The Story of My Life by Helen Keller tracks many of the events that affect Helen and contribute to her development. Each event provides Helen with a lesson and, even the most difficult experiences are opportunities for her to "learn from life itself."(ch 7) Chapter 13 begins with a particularly important development as Helen learns to speak in the spring of 1890. Having heard the story of a deaf girl, Ragnhild Kaata who learnt to speak, Helen wastes no time and, although her speech is difficult to understand by most people, that first sentence "It is warm" (ch 13) provides Helen with the inspiration to not give up and her mantra is "practice, practice, practice."
The story of "The Frost King" from the winter of 1892 is something that will remain with Helen after she was accused of copying the story from Margaret Canby who wrote "The Frost Fairies." After this, Helen feels "unease and disquietude" when she is writing for fear she may be plagiarizing someone else words although she was cleared of any wrongdoing, not purposefully having repeated much of Miss Canby's story. Helen's friendship with Mr Anagnos of The Perkins' Institute for the Blind, for whom Helen apparently wrote The Frost King, is irrevocably damaged and Helen "drank...of the cup of bitterness" (ch 14) feeling that she has disgraced herself and embarrassed her friend. Helen learns a valuable lesson from this experience and, gains "a truer knowledge of life."(ch 15)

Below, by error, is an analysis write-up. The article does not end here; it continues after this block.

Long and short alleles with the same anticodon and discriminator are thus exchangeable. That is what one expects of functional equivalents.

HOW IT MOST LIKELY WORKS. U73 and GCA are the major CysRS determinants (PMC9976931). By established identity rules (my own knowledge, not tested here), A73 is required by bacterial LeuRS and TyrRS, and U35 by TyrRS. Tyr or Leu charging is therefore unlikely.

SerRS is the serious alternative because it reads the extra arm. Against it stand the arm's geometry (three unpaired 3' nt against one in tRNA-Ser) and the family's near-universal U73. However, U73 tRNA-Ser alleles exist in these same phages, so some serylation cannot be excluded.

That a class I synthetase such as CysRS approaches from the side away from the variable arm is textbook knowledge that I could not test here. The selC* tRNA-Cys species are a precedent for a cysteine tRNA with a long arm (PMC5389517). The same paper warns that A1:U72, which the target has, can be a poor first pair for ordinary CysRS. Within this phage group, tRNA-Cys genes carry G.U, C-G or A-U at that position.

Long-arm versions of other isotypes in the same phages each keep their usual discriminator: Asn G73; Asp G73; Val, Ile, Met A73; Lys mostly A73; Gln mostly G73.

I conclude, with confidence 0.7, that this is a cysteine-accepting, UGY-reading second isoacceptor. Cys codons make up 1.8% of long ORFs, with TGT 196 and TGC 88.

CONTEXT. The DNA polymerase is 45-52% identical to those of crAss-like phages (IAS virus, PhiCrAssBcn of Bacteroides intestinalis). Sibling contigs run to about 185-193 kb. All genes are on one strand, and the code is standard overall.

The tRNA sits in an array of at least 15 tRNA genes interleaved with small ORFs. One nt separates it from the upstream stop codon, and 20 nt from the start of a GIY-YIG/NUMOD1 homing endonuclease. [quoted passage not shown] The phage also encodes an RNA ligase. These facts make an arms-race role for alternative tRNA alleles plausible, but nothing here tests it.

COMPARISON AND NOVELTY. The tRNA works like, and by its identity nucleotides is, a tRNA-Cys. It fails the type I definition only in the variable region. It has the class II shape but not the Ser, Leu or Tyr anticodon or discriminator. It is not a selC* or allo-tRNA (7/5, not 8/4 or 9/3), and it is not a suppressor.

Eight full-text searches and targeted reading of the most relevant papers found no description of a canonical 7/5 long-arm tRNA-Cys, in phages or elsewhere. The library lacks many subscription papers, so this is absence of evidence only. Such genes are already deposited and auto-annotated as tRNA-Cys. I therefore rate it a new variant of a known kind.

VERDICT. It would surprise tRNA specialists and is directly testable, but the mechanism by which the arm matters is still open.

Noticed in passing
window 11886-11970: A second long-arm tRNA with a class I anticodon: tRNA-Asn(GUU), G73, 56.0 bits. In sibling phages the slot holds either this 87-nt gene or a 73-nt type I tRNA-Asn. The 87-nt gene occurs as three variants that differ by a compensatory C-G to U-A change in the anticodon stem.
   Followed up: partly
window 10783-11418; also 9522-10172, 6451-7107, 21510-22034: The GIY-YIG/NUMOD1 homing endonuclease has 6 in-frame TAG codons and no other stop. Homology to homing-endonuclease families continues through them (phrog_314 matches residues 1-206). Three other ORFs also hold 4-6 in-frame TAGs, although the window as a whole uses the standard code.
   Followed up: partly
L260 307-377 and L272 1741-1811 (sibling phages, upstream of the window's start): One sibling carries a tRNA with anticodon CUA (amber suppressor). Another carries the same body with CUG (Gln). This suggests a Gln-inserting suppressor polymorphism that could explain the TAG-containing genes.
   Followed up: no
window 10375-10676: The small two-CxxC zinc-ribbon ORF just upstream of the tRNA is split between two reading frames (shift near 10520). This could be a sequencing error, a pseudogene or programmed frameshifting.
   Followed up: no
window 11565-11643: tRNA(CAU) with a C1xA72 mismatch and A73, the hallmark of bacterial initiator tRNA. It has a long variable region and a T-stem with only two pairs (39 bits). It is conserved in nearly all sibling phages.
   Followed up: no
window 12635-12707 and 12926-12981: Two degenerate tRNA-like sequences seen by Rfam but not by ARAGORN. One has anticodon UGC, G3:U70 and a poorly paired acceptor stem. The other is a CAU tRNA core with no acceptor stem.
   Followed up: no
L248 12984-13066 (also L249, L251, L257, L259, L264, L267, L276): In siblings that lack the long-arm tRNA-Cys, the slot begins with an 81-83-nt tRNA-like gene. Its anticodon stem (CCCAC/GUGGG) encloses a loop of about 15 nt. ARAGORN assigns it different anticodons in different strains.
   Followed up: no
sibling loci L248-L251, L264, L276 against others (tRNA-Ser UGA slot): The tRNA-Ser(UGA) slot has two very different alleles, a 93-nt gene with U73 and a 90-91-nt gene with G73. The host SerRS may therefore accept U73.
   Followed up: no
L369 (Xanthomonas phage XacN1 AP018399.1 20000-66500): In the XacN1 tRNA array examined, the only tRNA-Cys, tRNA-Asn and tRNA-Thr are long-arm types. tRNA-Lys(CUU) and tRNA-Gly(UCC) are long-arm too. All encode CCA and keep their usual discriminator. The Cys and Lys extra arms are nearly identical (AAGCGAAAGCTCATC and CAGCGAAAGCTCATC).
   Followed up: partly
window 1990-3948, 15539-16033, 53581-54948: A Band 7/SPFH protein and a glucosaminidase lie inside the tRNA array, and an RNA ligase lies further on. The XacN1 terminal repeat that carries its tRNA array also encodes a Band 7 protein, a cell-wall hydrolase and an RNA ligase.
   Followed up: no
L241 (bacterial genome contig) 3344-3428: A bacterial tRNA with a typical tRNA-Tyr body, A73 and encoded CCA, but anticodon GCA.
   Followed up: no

In 1893, putting this difficult experience behind her, Helen visits Niagara Falls where she feels "the air vibrate and the earth tremble," and The World Fair, both of which have an enormous effect on her. Helen spends time with Dr Alexander Graham Bell and learns many fascinating things to the point that she learns "appreciation of the real and the earnest in the workaday world."